The study included 20 HCV-G4 patients who received PEG-IFN/ RBV therapy. Most of the study participants were men (95%), with a baseline median (interquartile range) age 46 (38.5,50.5) years, platelet counts 166 (150.5,222), log10 serum viral load 7.56 (6.43,8.10) and log10 platelet viral load 3.52 (0.0,5.09). RVR, EVR, ETR, and SVR were observed in 35%, 70%, 75% and 55% respectively. Approximately 27% of those who had ETR, relapsed at 72 weeks, with an overall relapse rate of 20%, and nonresponse of 25%.In the bivariate unadjusted analysis, only baseline platelet viral load was significantly different between those who had SVR and non-responders, while there were no age, serum viral load, platelet count, spleen size, inflammation or fibrosis significant differences (Table 1).
Table 1: Selected pretreatment characteristics by SVR status.
While, patients experiencing RVR had sharp reductions in serum viral load by week 4 of ~zero, which remained around zero levels through week 48, which is followed by a slight increase at week 72 in some individuals (Figure 1). In contrast, non-responders had a slower decline in serum viral loads to reach the lowest values at 48 weeks and then showed an increase by 72 weeks. On the other hand, platelet viral load among RVR showed a sharp decline by week 4 but did not reach zero levels, and remained almost constant afterward. Individuals with non-RVR had a steeper decline in platelet viral load until week 12, which was followed by an increase by week 48. Platelet count tended to be lower among those with RVR compared to those with non-RVR throughout the follow up. Of note, among individuals with RVR platelet counts declined slightly by week 4 and week 12 then gradually increased to reach pre-treatment levels by week 48, but there was no similar decline among patients who did not achieve RVR (Figure 2).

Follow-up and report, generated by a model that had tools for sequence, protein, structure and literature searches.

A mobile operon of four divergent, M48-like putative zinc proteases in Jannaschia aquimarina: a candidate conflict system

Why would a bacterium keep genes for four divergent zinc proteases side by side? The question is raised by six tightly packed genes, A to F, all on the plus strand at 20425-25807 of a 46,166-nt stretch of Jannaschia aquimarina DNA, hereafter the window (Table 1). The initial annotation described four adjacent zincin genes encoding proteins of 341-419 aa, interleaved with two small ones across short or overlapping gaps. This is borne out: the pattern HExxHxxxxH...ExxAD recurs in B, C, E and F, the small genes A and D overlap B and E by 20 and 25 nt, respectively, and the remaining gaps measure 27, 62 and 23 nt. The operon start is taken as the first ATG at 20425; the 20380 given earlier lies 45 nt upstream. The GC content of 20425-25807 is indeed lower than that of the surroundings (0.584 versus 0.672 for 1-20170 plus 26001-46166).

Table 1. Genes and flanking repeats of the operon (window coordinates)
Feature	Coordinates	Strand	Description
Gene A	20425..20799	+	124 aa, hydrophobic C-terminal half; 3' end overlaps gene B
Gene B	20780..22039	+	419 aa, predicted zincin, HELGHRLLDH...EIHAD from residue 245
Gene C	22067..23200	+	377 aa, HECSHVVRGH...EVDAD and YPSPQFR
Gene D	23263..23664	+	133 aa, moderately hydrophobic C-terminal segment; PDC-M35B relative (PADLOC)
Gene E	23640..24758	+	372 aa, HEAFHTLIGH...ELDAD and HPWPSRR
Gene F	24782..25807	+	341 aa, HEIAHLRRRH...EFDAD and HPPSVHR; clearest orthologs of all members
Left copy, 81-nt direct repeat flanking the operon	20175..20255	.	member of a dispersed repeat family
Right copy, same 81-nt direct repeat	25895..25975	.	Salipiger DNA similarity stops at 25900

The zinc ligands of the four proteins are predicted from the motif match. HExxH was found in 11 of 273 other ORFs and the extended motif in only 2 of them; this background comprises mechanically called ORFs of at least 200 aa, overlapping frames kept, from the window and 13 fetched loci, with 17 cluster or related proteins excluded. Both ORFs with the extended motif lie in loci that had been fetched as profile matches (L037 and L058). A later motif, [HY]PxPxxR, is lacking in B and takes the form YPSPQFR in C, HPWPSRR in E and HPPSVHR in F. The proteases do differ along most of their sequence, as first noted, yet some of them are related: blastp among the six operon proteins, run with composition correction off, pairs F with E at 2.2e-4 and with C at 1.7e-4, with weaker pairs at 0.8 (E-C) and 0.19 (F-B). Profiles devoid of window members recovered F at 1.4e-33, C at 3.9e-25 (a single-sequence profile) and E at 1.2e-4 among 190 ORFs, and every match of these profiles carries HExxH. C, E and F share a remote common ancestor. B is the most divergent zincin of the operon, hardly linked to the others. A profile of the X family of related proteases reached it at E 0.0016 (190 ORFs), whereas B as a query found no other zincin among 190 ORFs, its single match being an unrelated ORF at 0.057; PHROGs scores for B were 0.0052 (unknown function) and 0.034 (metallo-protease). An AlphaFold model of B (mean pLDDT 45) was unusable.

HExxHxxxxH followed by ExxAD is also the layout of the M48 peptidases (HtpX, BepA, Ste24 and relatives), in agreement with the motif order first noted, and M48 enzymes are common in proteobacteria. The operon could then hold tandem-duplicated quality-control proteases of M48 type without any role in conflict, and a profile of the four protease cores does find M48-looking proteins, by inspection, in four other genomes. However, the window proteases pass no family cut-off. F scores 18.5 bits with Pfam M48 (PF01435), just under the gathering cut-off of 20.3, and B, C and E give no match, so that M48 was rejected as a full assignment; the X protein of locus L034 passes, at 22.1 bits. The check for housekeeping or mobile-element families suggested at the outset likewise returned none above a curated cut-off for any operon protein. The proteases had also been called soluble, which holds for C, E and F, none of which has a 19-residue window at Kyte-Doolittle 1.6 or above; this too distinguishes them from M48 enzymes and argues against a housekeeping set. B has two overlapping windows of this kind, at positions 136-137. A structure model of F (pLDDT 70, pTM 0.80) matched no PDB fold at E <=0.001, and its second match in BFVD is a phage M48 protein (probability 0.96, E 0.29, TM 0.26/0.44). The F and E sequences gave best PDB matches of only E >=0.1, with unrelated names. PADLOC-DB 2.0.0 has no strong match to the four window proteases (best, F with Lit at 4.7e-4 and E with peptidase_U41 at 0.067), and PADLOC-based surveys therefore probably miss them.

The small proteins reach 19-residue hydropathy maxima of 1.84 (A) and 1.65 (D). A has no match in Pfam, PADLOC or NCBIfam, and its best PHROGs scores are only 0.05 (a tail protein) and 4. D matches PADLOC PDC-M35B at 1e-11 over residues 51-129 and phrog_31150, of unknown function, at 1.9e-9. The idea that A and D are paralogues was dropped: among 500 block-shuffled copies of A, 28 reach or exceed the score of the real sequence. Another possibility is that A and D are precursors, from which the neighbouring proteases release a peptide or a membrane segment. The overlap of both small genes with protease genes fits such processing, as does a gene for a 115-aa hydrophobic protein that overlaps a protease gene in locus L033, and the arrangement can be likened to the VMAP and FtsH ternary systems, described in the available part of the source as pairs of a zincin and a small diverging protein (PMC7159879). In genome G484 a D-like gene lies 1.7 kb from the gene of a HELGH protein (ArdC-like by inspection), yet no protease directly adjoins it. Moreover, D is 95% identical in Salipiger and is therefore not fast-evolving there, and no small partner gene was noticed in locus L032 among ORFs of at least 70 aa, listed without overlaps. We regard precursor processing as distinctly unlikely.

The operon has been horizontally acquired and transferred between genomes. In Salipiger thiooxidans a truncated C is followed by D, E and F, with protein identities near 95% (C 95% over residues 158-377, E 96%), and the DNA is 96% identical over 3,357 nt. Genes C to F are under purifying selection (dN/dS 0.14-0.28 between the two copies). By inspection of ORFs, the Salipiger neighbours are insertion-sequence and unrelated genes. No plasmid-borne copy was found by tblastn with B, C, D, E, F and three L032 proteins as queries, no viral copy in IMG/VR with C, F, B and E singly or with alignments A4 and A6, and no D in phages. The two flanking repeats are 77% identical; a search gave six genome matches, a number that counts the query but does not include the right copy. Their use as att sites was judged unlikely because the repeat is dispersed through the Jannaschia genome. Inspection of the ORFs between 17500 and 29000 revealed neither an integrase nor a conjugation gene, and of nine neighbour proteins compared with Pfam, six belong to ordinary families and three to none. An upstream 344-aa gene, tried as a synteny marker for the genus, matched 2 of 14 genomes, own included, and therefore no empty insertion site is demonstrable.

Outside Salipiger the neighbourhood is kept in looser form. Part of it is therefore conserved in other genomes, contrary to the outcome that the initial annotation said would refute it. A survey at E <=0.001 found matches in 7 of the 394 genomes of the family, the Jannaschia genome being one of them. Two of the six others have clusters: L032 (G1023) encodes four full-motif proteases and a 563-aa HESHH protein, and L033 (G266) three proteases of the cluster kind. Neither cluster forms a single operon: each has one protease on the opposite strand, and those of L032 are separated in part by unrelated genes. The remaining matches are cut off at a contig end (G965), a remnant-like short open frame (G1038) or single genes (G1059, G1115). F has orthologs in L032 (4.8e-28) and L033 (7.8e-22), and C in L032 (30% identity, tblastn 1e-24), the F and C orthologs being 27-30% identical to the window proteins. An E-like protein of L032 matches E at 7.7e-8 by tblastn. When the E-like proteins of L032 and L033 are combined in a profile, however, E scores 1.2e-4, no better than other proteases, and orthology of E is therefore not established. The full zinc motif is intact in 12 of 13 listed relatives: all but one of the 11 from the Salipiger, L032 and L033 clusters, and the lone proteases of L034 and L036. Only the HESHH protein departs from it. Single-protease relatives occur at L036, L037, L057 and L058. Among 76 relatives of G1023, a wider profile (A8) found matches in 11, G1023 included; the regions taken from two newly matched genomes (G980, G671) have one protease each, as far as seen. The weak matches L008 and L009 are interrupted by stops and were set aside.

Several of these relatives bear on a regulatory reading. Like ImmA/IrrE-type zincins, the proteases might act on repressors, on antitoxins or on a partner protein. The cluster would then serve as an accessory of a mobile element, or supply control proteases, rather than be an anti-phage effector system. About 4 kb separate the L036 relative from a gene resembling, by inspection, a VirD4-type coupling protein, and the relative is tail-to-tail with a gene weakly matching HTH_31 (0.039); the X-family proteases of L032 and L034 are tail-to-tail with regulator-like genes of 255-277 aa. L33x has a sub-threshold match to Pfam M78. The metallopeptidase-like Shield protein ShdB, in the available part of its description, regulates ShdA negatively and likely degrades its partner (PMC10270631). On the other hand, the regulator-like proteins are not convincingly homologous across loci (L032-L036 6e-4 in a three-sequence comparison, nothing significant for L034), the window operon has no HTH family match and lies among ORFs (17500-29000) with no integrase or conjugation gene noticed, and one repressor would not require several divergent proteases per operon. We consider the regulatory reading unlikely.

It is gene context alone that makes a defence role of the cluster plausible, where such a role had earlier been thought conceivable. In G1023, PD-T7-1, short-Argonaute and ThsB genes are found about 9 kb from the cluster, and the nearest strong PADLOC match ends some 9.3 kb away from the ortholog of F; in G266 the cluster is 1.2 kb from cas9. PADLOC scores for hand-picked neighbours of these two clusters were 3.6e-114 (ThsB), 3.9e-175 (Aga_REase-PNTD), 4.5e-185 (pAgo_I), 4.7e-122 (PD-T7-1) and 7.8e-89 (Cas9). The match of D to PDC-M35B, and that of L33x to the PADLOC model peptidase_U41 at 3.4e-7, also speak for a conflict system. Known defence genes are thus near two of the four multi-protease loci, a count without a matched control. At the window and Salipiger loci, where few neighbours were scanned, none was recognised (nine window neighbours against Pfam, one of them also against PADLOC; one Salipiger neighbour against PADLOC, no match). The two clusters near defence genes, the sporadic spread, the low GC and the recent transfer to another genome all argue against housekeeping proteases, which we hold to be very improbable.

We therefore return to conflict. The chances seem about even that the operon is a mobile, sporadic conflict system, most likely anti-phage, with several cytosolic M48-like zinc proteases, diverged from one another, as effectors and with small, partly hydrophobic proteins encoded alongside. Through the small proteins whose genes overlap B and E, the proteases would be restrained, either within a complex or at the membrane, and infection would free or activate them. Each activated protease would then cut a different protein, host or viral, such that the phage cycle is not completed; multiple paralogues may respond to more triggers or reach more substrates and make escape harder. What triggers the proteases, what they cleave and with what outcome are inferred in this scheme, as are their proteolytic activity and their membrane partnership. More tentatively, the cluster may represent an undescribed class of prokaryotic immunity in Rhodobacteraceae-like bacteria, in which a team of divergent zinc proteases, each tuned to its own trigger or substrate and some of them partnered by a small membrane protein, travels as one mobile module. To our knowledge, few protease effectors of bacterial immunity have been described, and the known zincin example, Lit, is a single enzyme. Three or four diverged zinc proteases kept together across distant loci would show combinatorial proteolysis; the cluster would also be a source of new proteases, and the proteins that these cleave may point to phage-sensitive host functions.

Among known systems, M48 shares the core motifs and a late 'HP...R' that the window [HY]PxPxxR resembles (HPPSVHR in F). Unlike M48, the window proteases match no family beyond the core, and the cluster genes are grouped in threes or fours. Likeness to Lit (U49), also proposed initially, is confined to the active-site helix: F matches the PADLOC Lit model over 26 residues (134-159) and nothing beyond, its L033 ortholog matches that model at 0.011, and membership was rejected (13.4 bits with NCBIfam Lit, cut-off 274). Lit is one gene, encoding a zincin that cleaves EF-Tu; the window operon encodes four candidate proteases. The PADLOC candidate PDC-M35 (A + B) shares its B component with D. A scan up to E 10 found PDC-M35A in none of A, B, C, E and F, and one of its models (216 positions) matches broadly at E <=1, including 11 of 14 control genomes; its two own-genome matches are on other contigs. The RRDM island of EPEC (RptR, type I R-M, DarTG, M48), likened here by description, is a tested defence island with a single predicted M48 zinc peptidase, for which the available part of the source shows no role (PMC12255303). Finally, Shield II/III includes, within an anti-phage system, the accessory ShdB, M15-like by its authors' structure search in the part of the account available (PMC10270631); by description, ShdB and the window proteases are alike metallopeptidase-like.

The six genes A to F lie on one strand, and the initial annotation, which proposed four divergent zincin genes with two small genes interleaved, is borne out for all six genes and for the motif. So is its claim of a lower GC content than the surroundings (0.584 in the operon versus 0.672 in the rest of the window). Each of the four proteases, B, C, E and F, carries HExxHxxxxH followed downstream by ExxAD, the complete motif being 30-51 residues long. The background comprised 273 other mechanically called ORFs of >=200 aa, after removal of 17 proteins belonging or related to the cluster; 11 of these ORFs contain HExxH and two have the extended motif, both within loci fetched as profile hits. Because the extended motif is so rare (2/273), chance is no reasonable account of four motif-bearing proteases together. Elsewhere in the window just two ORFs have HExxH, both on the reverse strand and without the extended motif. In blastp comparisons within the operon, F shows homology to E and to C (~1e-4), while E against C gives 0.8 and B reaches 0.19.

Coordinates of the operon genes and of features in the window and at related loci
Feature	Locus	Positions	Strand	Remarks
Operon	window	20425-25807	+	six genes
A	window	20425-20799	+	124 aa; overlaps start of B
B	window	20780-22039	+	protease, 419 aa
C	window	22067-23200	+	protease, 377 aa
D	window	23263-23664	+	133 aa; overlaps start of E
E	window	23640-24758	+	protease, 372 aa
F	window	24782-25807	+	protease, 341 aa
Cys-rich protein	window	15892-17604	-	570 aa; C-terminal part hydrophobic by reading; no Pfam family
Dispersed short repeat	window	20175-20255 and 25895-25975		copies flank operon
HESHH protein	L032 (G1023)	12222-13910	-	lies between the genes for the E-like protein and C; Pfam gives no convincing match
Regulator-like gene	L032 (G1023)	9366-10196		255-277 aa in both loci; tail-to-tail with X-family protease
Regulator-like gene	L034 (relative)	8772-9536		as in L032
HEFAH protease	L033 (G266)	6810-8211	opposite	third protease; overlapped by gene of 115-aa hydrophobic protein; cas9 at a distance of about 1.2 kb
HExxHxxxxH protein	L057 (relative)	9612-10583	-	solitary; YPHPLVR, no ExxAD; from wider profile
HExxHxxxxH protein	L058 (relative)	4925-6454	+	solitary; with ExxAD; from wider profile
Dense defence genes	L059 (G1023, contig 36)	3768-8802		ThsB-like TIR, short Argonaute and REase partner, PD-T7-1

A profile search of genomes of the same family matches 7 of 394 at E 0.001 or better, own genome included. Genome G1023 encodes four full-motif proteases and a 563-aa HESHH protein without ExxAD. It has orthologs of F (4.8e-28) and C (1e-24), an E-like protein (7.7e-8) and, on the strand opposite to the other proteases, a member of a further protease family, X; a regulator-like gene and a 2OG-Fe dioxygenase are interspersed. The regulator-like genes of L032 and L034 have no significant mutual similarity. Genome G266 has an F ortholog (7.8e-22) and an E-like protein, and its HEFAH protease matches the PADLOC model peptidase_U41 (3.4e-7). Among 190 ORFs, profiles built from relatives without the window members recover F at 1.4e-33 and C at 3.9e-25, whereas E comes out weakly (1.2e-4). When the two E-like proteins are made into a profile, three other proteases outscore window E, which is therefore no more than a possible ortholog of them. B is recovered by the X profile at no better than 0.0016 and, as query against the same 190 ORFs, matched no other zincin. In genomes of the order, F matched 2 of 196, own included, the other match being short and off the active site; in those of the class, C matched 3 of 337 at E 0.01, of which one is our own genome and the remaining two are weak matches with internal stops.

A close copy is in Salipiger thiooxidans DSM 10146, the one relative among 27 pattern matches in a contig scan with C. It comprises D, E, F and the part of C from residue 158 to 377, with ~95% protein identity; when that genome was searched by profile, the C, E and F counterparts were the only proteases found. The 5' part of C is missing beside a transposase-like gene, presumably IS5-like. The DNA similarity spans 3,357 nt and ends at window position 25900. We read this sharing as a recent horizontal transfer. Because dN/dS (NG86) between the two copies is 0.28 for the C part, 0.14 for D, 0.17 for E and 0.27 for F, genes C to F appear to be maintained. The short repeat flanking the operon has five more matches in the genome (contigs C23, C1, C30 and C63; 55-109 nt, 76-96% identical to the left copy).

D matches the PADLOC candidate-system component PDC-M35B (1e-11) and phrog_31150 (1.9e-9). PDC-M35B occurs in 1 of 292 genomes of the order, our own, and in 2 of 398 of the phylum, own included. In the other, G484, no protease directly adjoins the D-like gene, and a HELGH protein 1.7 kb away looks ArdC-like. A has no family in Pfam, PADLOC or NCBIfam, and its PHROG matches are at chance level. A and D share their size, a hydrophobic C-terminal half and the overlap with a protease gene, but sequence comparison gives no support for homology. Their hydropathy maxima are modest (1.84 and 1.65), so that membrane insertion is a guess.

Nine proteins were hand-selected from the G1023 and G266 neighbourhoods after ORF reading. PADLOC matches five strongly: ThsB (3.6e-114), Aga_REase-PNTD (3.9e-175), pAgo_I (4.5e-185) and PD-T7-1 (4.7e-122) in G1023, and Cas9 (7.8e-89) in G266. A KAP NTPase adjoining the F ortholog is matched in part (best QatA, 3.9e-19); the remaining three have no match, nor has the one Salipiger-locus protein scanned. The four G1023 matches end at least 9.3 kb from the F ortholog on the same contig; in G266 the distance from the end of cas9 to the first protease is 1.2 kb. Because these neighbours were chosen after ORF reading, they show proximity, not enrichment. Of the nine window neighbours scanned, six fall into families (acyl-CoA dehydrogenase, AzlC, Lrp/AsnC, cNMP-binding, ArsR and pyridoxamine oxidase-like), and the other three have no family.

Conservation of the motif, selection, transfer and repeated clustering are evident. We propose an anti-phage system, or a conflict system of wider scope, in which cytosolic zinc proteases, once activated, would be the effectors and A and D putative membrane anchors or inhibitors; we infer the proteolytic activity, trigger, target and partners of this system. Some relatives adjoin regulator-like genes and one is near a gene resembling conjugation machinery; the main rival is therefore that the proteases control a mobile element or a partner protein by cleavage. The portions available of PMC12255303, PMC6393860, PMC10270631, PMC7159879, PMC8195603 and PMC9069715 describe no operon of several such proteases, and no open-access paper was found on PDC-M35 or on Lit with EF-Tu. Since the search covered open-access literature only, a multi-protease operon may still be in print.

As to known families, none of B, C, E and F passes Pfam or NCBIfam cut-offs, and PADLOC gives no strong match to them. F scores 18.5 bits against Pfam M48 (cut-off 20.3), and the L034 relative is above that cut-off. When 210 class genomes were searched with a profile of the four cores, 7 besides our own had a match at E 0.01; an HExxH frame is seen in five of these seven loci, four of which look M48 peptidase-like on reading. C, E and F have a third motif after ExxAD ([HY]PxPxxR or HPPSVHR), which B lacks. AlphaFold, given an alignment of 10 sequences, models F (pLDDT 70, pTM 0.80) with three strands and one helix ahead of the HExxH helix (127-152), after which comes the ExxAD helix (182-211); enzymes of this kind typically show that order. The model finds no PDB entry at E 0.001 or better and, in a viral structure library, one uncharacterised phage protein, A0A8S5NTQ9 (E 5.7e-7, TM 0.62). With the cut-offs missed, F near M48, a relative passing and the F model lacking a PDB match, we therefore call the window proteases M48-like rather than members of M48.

Figure 1: Mean serum log viral load over time by response status.
Figure 2: Mean platelet log viral load over time by the response status.